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politics | IST

Shashi Tharoor says centre must review policy on foreign aid for Kerala floods

Mini

Congress leader and Thiruvananthapuram MP Shashi Tharoor on Thursday said that central government must review the policy on foreign donations for flood relief efforts in Kerala.

Congress leader and Thiruvananthapuram MP Shashi Tharoor on Thursday said that central government must review the policy on foreign donations for flood relief efforts in Kerala.
Tharoor also defended his visit to the United Nations headquarters in Geneva, and said that he had a a conversation with Kerala chief minister Pinarayi Vijayan before his departure to Geneva.
Talking on Rahul Gandhi’s four day visit to Europe, Tharoor said Congress president is systematically going to different regions to project the message of the party and to engage with overseas Indians.
Edited excerpts:
Q: You issued a fairly detailed statement today and in that you say that prior to undertaking your meetings you had consulted personally and directly with the chief minister of Kerala? Did he give you the go ahead to engage with UN, WHO officials because our conversations to the Kerala health secretary, categorically stated that they were already in touch with WHO both in India as well as in Geneva?
A: I have no reason to doubt that they were in touch at the working level and they should be—members of the WHO for example and WHO should naturally reach out to us. I have no difficultly in accepting that must certainly what must have been happening with the health secretary. My conversation was with the chief minister and he indicated very clearly what he thought would be useful for me to establish while I was and there and I made it very clear that I was going in a personal capacity at my own expense, not pretending to represent anybody. The idea was to exploratory and informal discussions with people who I have known because of my international networks after 29 years of the United Nations myself.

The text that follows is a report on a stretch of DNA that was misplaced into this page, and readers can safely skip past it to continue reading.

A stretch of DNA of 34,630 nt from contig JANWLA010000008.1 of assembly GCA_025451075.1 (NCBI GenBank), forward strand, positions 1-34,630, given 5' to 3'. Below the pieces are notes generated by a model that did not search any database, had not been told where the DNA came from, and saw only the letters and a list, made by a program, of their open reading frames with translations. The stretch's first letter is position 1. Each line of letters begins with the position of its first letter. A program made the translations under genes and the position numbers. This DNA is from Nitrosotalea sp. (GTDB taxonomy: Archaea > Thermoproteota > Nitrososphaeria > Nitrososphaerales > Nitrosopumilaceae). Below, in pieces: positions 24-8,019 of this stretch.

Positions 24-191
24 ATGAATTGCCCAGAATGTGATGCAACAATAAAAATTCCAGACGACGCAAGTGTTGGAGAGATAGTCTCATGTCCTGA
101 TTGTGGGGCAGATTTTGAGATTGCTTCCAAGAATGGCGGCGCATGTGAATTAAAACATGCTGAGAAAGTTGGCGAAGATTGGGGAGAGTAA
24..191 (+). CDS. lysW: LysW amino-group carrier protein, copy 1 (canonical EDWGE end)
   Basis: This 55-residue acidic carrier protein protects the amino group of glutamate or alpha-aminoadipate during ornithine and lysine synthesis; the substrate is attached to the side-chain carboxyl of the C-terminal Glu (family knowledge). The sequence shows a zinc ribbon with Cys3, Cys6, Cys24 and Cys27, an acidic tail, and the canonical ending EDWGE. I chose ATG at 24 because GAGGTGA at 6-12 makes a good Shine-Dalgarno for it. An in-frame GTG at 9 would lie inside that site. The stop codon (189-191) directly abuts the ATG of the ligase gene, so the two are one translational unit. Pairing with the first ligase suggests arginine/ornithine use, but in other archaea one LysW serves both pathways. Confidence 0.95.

I have come back with a clear set of ideas as to what would be possible for the international system to offer us immediately, as well as possibly in the long term.
So, this is it and I have conveyed that to the chief minister who is the only person who can decide whether to request the government of India (GoI) to approach the international system. I also pointed out there isn’t even a need for a formal request from the GoI, these are things that the UN will be happy to offer us.
We are members of the UN system, we are members of the United Nations and the entire principle of multilateral cooperation is ‘one for all and all for one’. If we need something that we immediately cannot get ourselves from our own resources, there is absolutely nothing embarrassing in taking it from them.
For example, WHO has a stock of two million anti-cholera vaccines, we don’t have anything remotely like that. If there is a need established that we should take steps to prevent cholera from all the water borne pollution, from the polluted water that people have been standing neck deep in, then we should certainly go ahead and  get those vaccines. There is no embarrassment in that. It is a matter of human lives.
Q: I don’t think there is any question of embarrassment and I do believe your conversations have been with the CM, I am only alluding to the fact that the Kerala health secretary in conversation with us even on that specific recommendation that you have made on the anti-cholera vaccination seem to suggest that as of now there is no need for any further intervention from the WHO, what is required is in operation on the ground  - have you heard back from the CM, you said you have updated him on your conversations that took place?